Spring Forward

Ready for the Test. Ready for Life.

It’s almost time for your child to take the annual Mississippi Academic Assessment Program (MAAP) test in math and English language arts. To see what’s expected of your child, check out the grade-by-grade practice test and how it measures real-world skills, like problem-solving and critical thinking.

Click below for your state’s practice test and simple ways to help your child feel confident and ready for the test.

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Did you know…

Nationally, a majority of parents rely on the annual state test to know if their child is on grade level.

What is your child expected to know and do on the state test?

Click here for the practice test.

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Sample Test Questions

Test questions range from traditional multiple-choice to interactive ones that ask your child to explain his or her reasoning.

  • Math

    Shelita had a certain number of marbles in her pocket. She gave some of her marbles to her brother, and now she has 124 marbles left.

    How many marbles could she have started with and how many marbles could she have given to her brother?

    Select the two possible solutions.

    A. She started with 493 marbles and gave 369 marbles to her brother.
    B. She started with 189 marbles and gave 75 marbles to her brother.
    C. She started with 290 marbles and gave 158 marbles to her brother.
    D. She started with 367 marbles and gave 243 marbles to her brother.
    E. She started with 514 marbles and gave 380 marbles to her brother.

     

    *Example elementary school question

  • English Language Arts

    You have read an excerpt from Life on the Mississippi by Mark Twain.

    Write an essay in which you explain how Twain describes his experiences on the Mississippi River and how these experiences change his viewpoint of the river throughout the text.

    Use key details and examples from the passage to support your ideas.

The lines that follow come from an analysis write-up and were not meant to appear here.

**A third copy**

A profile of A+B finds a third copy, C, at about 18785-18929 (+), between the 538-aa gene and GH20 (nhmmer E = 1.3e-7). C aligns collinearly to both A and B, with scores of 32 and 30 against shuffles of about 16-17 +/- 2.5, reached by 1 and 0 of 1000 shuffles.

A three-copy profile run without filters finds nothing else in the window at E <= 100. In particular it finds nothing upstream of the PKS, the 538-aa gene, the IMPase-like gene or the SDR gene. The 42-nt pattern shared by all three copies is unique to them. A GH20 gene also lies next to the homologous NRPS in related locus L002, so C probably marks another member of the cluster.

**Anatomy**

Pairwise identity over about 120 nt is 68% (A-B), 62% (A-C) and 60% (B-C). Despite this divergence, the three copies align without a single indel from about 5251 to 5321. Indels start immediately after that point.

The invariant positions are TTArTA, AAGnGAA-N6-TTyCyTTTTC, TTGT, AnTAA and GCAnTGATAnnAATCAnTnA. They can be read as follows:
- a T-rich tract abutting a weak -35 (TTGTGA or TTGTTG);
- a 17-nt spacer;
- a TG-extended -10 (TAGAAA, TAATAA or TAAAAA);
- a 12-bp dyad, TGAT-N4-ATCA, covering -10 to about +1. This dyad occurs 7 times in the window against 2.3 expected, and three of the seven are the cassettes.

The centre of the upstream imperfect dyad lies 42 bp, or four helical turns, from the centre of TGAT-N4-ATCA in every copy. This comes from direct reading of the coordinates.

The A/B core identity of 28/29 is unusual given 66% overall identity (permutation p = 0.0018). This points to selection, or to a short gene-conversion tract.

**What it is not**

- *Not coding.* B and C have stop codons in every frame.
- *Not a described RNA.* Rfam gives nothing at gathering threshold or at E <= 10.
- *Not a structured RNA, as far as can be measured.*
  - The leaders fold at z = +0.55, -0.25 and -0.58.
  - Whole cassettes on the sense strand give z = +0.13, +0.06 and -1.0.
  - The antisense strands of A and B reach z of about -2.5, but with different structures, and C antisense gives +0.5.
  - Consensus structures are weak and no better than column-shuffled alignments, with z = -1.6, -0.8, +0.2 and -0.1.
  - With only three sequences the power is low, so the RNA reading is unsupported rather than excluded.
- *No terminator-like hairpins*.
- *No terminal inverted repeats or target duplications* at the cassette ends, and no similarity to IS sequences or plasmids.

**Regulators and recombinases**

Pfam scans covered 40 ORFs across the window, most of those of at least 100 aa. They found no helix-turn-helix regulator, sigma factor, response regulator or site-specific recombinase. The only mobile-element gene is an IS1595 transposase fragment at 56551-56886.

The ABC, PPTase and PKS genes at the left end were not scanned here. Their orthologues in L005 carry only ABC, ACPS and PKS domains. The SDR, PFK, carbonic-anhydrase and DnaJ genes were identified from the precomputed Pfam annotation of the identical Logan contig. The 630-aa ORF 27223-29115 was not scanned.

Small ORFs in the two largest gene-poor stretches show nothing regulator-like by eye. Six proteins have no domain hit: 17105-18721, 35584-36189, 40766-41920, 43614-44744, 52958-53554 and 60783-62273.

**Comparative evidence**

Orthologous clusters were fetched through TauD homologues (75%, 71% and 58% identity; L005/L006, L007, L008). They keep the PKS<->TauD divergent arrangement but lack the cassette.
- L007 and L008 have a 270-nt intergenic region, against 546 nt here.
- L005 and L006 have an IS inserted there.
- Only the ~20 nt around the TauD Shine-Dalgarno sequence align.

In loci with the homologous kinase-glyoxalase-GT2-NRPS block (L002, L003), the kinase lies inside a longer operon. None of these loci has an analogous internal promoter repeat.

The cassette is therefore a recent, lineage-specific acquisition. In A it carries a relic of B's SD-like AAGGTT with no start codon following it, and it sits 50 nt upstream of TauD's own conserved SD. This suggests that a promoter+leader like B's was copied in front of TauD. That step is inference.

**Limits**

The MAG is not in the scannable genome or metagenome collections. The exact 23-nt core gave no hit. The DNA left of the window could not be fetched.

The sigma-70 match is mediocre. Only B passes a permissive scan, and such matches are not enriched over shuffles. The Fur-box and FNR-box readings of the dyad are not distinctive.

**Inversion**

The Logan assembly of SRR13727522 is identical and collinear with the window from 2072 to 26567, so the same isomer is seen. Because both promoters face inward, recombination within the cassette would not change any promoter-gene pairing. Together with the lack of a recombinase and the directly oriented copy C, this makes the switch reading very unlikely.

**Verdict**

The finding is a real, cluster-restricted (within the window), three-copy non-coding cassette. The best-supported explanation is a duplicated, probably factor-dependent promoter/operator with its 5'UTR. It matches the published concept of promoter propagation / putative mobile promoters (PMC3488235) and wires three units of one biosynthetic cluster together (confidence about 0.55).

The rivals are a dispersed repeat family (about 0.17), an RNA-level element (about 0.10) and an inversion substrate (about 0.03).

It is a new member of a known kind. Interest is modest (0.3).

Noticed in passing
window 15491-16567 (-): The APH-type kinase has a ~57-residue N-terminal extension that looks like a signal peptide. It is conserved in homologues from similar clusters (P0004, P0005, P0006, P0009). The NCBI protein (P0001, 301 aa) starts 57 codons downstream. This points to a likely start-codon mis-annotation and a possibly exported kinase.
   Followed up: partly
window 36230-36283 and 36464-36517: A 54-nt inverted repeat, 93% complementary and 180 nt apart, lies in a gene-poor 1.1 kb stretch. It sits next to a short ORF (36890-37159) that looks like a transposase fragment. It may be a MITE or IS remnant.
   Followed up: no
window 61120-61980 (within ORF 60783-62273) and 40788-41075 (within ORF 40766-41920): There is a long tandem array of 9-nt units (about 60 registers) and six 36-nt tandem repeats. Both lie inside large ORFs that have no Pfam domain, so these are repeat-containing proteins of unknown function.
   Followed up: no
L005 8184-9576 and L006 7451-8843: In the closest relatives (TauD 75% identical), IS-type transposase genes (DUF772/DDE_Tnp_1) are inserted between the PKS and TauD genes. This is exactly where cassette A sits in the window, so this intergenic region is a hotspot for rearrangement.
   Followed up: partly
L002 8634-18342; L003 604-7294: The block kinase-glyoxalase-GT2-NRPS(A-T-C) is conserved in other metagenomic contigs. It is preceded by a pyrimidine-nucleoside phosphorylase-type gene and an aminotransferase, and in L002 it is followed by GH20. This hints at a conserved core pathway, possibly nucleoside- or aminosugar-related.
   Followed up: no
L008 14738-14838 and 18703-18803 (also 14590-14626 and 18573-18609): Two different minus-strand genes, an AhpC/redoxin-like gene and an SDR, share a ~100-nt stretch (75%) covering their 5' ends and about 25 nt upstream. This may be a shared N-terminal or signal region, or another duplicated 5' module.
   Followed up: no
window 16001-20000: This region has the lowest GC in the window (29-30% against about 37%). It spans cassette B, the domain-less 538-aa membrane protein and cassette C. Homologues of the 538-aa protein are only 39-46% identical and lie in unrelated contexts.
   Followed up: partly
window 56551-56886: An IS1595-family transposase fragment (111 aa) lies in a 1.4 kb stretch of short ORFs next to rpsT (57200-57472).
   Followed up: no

*Example middle school question

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What else do you need to know about the state test?

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 It’s about the big picture.

It’s about the big picture.

Along with grades and classroom work, the state test is another measure of how well your child is progressing in grade-level math and English. Even if your child gets good grades, check out the state test results to see how well your child understands specific concepts needed to be ready for the next grade.
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How to use the score report.

How to use the score report.

Last year’s state test results can help you and the teacher understand where your child may still need extra support and where progress has been made.
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The what, when, and how.

The what, when, and how.

Ask your child’s teacher about details such as: How long does the test take? When will my child be taking the test in each subject? When and how will I get the results?
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Bring on the challenge!

Bring on the challenge!

We know tests can be nerve-racking but you can boost your child’s self-confidence by showing him or her how to take on challenges with a positive attitude and determination. Remind your child to take their time and just try their best. By looking at the practice test together, your child will know what to expect.
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Learning Tools

Find helpful resources to support academic, social, and emotional learning.

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90%
*PARENTS 2017: UNLEASHING THEIR POWER & POTENTIAL
**2015 NATIONAL ASSESSMENT OF EDUCATIONAL PROGRESS

Know the Facts

According our national survey, 90% of parents believe their child is performing at or above grade level.
What percentage of 8th grade students are reading at or above grade level?
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